Dr Ilya Reznik discusses the use of cannabinoid-based medicines for neuropsychiatric disorders and the barriers to prescribing CBD.
Dr Ilya Reznik has published many original papers (including controlled trials), reviews and case reports in leading peer reviewed journals in the fields of clinical psychiatry and neuropsychopharmacology.
Dr Ilya Reznik’s current main interest is in the field of the medical use of cannabis and cannabinoids, especially for various neuropsychiatric illnesses, such as chronic pain syndrome, post-traumatic stress disorder (PTSD), OCD, Tourette syndrome, Parkinson’s and Alzheimer’s diseases. Dr Ilya Reznik also co-ordinates the activity of Israel National Forum/Association for Medical Cannabis Research and Treatment; and in 2013 was elected to the Board of Directors at the International Association for Cannabinoid Medicines (IACM).
Medical Cannabis Network spoke to Dr Ilya Reznik in Dublin on the sidelines of the Europe Canna Expo, Europe’s premier event series dedicated to cannabinoids and medical cannabis, to discuss areas including the use of cannabinoid-based medicines for neuropsychiatric disorders and some of the barriers to prescribing.
What are the most significant neuropsychiatric applications of medicinal cannabis?
I am a specialist in cannabinoid medicine, and we are looking for the ways in which cannabis as a plant and its derivatives can influence human subjects with regard to helping them with a medical condition. As a neuropsychiatrist, I am interested in how cannabis can influence a neuropsychiatric condition such as epilepsy.
As a medicine, cannabis’s most significant effects are neurological and psychiatric – although, of course, it can also be used to help treat pain, particularly for cancer patients. And cannabis and its derivatives are most widely used to help treat neuropsychiatric conditions like head trauma, post-traumatic stress disorder, Tourette syndrome, epilepsy; as well as neurodegenerative disorders like Alzheimer’s and Parkinson’s.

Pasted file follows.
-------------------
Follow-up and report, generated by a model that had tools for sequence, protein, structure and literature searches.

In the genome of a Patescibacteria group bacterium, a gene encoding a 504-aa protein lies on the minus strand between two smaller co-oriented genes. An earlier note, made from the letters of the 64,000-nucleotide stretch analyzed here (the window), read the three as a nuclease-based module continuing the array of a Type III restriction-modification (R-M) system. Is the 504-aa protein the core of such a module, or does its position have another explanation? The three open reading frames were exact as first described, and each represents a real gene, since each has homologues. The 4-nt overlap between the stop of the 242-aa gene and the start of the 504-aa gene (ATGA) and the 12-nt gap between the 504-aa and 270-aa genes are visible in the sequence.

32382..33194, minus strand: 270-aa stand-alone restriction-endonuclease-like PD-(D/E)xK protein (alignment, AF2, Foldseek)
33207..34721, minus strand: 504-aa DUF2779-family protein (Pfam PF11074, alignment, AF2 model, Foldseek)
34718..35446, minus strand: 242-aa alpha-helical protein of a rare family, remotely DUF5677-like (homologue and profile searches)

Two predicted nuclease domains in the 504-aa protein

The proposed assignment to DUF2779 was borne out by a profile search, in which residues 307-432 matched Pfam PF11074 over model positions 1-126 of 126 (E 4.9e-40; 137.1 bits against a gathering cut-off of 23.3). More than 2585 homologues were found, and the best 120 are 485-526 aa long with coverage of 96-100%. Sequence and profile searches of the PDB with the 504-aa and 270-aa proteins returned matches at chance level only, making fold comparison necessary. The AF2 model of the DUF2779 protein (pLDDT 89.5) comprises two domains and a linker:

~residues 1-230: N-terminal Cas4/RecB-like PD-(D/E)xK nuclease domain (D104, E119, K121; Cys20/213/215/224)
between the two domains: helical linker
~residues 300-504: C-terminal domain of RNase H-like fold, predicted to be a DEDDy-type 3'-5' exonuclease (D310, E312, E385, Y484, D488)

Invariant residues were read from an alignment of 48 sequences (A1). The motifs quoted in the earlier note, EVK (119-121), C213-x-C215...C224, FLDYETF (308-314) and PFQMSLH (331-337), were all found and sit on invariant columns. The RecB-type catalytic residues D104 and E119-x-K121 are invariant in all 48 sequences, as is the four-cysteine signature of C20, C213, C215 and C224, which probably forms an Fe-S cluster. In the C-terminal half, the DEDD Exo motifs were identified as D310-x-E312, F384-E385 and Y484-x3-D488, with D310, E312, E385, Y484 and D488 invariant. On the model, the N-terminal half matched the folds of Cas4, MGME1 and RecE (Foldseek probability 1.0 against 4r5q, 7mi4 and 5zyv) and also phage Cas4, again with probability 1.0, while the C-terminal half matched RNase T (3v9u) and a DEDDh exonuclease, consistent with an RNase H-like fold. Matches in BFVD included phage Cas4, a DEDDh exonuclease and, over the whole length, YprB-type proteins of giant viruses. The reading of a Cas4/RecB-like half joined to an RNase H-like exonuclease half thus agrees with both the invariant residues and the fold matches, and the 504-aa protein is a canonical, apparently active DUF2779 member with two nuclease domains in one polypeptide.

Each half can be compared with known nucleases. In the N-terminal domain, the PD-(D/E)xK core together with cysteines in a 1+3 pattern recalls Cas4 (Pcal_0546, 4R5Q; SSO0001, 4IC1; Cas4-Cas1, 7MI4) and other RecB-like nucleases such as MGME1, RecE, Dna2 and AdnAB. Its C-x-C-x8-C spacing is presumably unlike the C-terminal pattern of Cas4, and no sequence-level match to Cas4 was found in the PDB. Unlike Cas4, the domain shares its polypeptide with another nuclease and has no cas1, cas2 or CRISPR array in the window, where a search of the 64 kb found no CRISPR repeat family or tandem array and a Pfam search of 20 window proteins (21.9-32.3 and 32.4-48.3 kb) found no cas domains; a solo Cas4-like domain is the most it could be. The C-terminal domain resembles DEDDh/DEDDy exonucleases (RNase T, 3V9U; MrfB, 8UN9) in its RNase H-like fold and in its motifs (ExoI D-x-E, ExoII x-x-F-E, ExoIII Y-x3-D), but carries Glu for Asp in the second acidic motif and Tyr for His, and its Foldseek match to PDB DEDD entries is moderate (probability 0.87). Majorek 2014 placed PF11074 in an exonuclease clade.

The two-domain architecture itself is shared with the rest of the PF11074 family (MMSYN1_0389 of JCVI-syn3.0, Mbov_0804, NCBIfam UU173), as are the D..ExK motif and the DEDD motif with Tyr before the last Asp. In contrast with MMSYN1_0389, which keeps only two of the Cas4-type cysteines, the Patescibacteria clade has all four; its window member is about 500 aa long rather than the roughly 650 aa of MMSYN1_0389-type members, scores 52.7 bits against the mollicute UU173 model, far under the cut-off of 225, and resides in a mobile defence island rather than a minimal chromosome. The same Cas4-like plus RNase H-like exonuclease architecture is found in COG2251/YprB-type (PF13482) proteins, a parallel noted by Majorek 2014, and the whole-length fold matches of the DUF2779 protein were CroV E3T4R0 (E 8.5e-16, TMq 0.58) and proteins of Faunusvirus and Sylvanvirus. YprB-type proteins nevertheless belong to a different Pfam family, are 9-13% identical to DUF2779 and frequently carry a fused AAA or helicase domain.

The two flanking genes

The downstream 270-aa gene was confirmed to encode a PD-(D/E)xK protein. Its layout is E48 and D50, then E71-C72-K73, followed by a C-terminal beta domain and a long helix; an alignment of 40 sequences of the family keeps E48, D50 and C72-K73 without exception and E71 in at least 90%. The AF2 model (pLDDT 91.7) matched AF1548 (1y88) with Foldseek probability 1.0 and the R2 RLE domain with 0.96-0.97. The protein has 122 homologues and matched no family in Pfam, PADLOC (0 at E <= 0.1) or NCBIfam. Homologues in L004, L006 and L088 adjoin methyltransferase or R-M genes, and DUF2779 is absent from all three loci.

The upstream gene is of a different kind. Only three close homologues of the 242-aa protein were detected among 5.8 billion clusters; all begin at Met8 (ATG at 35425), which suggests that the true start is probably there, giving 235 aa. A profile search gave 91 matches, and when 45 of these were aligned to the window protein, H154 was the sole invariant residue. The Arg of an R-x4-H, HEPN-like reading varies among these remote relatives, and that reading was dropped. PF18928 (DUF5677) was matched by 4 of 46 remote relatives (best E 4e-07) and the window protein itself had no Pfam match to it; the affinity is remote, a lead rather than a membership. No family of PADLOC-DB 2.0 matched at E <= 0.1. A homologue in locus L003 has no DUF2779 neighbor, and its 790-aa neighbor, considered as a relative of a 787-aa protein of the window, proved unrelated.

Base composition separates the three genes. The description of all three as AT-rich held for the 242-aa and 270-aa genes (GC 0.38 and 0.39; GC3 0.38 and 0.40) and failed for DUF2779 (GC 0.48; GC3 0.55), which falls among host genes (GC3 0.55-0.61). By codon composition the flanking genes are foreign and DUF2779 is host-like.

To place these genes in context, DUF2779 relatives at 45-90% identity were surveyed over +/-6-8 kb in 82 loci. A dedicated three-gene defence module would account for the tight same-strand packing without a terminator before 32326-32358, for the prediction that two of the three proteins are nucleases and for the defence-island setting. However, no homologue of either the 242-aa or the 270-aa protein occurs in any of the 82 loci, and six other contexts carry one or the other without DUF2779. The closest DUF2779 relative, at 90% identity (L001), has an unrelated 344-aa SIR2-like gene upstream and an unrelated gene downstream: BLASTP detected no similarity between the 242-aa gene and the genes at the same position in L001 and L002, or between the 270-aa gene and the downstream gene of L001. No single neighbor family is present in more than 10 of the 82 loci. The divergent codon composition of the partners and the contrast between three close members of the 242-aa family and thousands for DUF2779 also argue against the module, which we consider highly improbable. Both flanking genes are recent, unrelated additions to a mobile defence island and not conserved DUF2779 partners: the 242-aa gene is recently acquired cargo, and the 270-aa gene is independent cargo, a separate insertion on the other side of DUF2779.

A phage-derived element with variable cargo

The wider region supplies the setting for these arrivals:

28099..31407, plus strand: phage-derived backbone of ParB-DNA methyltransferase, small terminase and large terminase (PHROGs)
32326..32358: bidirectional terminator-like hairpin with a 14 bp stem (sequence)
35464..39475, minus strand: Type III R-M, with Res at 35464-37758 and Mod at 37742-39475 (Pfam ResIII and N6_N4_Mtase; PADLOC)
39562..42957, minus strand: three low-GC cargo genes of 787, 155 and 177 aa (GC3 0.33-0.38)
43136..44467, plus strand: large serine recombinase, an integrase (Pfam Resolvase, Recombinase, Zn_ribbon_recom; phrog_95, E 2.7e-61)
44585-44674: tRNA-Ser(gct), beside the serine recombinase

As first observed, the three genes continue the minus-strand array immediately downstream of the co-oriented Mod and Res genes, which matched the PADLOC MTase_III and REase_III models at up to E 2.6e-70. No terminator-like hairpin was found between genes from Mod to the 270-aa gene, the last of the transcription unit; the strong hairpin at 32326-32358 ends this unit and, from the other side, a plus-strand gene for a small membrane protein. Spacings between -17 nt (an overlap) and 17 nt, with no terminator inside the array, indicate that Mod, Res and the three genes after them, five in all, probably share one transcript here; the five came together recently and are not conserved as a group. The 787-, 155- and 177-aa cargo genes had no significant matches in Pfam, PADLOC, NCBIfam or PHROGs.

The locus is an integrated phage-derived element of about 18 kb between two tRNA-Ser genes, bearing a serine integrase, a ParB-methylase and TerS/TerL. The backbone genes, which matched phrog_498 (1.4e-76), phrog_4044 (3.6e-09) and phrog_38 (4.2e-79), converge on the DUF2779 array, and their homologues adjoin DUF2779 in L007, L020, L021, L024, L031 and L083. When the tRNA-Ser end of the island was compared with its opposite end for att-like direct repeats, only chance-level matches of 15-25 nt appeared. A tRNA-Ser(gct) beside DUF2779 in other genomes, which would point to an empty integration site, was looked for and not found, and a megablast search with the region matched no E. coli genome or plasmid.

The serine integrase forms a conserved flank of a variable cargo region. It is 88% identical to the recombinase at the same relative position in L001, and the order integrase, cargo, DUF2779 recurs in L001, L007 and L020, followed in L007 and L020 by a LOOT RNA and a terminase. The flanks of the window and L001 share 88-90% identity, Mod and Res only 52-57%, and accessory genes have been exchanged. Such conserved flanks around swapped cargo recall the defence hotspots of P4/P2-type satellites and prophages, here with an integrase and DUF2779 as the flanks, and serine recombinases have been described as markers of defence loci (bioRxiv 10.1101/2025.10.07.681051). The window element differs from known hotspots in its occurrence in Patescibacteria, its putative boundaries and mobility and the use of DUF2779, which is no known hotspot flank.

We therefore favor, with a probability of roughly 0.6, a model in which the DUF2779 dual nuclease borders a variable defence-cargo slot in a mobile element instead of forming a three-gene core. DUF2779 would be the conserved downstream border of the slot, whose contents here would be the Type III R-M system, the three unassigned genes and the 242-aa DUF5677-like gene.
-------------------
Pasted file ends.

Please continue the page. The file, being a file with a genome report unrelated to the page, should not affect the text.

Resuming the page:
What benefits has cannabis shown in the treatment of elderly patients?
Most elderly patients are not being treated because they have a neurodegenerative disorder, but just because they are elderly; and so, within the natural course of their lives they have developed a particular problem such as diabetes, high blood pressure, and so on. Most also have experienced a lot of pain stemming from conditions such as arthritis. We therefore look at how we can help them in a general sense, and to do this I will typically look at three areas.
The first area is recreational – whether people are taking cannabis recreationally. The second is medicinal – do they have an identifiable medical disorder? If so, we can decide how we are going to treat it. And the third is wellbeing. But the borders between each of these three areas are not absolute, and there is a lot of overlap from one to the next. For instance, we may be able to have an impact on a person’s wellbeing by treating their medical condition.
Cannabis is a very unspecific substance; it has many different components and each one does something different in the endocannabinoid system of the human body. The variety is so large that we will probably never have conclusive studies. But we do know that when a person takes cannabis as a medicine, they can experience more than one effect.
Because of this variety of effects, is there a clear need for a personalised medicine approach?
Cannabinoid medicine is a prime model for personalised medicine. Sometimes industry doesn’t like that; they want to use the same molecules for everyone, and while that might work with regard to medicinal cannabis, it will also mean that some parts of the population won’t see a benefit.
What are the key challenges currently facing doctors who wish to prescribe cannabis and its derivatives to their patients?
It is important to look at the step before prescribing. The main challenge for cannabinoid medicine is the level of resistance within the community of doctors. For 80 years, clinicians have been taught to see cannabis as a dangerous narcotic drug.